• Political unrest occurs? If political unrest develops in Bali, many insurers will provide coverage for cancellation fees and lost deposits if you need to cancel your trip. Many will also provide coverage for trip disruption if unrest unexpectedly develops once you have already traveled to Bali, as long as you exercise all reasonable safety precautions and stay well away from any protests or civil commotion. However, if you visit a country for which the State Department has issued a travel warning, you may not be covered.
    • There is an act of terrorism? Terrorism is commonly listed as a general exclusion on most travel insurance policies, so any claims that arise due to an act of terrorism will typically not be covered.
    • If I participate in adventure activities, such as sky diving or cliff jumping? Coverage for adventure activities varies between insurers. Many adventure activities are usually excluded from coverage, but you may be able to purchase additional protection by including an adventure sports package with your policy. Check the plan details for which activities are automatically covered, which activities you can purchase additional coverage for and which activities are always excluded.
    • I engage in activities while under the influence of drugs or alcohol? No. If your claim arises because you are under the influence of drugs or alcohol, travel insurers will refuse your claim. So if you crash your scooter while drunk in Kuta, don’t expect your insurer to cover your medical bills.

    travellers in Bali

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    Is Bali a safe destination?

    The majority of travelers to Bali experience relaxing, trouble-free vacations. However, you may have seen a news report of an American who died in Bali, so it’s important to be aware of the risks you face when traveling.

    According to figures from the State Department, in the year 2016:

    • 4 Americans died in Indonesia, 3 of them in Bali
    • Causes of death included drowning, suicide and motorcycle accident.

    With this in mind, there are a few safety risks you should be aware of before boarding a flight to Bali:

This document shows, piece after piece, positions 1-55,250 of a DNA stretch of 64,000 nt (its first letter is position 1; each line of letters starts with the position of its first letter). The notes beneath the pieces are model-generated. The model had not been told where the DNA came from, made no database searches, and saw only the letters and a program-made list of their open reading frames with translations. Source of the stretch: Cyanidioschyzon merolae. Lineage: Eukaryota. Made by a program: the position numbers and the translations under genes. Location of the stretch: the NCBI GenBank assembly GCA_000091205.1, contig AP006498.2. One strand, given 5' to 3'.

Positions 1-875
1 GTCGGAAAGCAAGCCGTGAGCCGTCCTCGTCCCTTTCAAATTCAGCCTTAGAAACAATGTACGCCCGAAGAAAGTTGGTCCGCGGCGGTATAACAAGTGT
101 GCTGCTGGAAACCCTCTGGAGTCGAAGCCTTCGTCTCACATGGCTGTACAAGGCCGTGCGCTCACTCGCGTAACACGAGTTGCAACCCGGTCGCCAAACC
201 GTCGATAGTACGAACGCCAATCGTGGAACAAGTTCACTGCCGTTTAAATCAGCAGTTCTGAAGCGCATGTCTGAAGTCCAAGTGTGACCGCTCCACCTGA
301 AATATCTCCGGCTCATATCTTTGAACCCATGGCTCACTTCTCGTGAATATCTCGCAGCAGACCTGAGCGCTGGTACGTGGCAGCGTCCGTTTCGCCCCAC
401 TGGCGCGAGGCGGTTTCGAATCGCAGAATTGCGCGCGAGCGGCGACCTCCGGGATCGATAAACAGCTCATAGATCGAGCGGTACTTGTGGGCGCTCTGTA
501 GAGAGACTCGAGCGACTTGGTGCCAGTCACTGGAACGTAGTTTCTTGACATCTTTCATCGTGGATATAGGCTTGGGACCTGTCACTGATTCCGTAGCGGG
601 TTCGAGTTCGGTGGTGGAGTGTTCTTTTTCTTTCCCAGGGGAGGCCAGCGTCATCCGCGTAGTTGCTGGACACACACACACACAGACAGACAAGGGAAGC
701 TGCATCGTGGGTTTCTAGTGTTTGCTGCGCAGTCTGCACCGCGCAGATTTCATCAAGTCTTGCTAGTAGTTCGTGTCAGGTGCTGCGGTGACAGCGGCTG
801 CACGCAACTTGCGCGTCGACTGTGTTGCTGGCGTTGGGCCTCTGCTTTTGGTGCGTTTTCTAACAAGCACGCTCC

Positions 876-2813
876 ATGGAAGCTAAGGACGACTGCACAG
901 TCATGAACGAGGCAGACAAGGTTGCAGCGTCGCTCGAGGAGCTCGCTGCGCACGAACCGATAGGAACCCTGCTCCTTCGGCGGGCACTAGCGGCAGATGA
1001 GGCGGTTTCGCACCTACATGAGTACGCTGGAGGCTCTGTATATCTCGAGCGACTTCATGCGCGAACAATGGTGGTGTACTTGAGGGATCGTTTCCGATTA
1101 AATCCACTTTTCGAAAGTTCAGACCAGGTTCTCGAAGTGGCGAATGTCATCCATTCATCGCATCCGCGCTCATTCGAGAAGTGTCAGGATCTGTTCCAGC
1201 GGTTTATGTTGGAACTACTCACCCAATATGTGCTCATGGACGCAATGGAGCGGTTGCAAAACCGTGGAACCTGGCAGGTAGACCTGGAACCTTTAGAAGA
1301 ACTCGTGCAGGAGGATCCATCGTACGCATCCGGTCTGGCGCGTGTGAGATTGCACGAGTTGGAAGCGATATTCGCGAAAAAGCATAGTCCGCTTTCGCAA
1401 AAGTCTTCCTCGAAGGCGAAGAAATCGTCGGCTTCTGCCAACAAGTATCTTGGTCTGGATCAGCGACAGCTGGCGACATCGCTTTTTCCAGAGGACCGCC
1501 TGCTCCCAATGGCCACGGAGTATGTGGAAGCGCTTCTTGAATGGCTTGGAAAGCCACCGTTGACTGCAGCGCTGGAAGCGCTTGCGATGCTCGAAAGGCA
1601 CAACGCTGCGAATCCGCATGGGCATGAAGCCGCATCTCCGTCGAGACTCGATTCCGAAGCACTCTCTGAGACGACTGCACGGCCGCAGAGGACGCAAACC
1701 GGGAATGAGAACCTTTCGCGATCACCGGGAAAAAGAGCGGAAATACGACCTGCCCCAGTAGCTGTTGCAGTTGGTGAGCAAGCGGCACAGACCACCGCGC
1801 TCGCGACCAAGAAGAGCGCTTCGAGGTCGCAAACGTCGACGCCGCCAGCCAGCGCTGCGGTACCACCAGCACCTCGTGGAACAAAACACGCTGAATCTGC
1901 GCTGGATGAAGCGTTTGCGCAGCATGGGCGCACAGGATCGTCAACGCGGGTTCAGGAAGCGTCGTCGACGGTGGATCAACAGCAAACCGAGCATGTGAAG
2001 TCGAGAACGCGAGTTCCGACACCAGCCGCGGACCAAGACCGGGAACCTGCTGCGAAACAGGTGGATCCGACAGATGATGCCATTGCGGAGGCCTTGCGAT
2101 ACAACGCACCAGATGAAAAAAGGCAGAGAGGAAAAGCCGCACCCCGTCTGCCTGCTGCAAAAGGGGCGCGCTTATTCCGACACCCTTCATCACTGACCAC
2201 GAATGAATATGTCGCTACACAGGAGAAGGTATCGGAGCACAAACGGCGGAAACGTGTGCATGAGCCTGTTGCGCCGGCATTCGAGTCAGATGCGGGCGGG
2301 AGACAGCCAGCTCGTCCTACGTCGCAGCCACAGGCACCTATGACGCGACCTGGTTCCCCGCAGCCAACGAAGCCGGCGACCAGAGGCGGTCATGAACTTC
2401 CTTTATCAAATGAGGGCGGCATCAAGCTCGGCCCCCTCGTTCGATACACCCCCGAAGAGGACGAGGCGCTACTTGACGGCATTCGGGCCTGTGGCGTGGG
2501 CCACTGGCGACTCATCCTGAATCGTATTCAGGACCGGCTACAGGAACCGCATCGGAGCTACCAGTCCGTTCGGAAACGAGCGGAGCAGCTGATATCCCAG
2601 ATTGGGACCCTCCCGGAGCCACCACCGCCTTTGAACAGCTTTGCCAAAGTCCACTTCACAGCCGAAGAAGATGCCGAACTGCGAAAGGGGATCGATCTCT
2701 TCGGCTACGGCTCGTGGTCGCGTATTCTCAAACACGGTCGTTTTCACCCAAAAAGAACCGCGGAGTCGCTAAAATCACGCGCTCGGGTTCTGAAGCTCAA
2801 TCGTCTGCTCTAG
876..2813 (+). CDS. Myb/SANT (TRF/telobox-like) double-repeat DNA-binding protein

• Terrorism. The State Department has issued a general warning worldwide about the continuing threat of terrorist attacks.
    • Natural disaster. From November to April, the State Department advises American travelers to exercise caution throughout the South Pacific due to the ongoing threat of tropical cyclones.
    • Crime. Opportunistic theft and other petty crime is a big problem in Bali, with robbery and bag snatching common risks.
    • Illness and disease. From Hepatitis A and B to measles, malaria and dengue fever, there are a range of diseases you may need vaccination against before visiting Indonesia. Traveler’s diarrhea is also a common problem for American visitors to Bali.
    • Dangerous roads. Traffic can be congested and many road rules are ignored. Outside of major cities and tourist areas, the quality of roads also decreases dramatically.
    • Drink spiking. Drink spiking and poisoning of drinks with toxic substances have been reported in Bali, and it’s a risk you need to be aware of when visiting nightclubs.
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    Safety tips for Bali

    Here’s how you can stay safe during your trip to Bali and minimize the chances of having to make a travel insurance claim:

    • Get vaccinated. Visit your doctor well in advance of your scheduled departure date to have a general check-up and make sure your vaccinations are up to date. Hepatitis A and B vaccinations are strongly recommended, as are vaccinations for typhoid, tetanus, pertussis and diphtheria. Check with your doctor about the shots you need before you go.
    • Watch out for wildlife. Rabies is another common risk in Bali and throughout Indonesia, and it is most commonly spread by animal bites and scratches. Don’t feed or pet monkeys or dogs anywhere in Bali.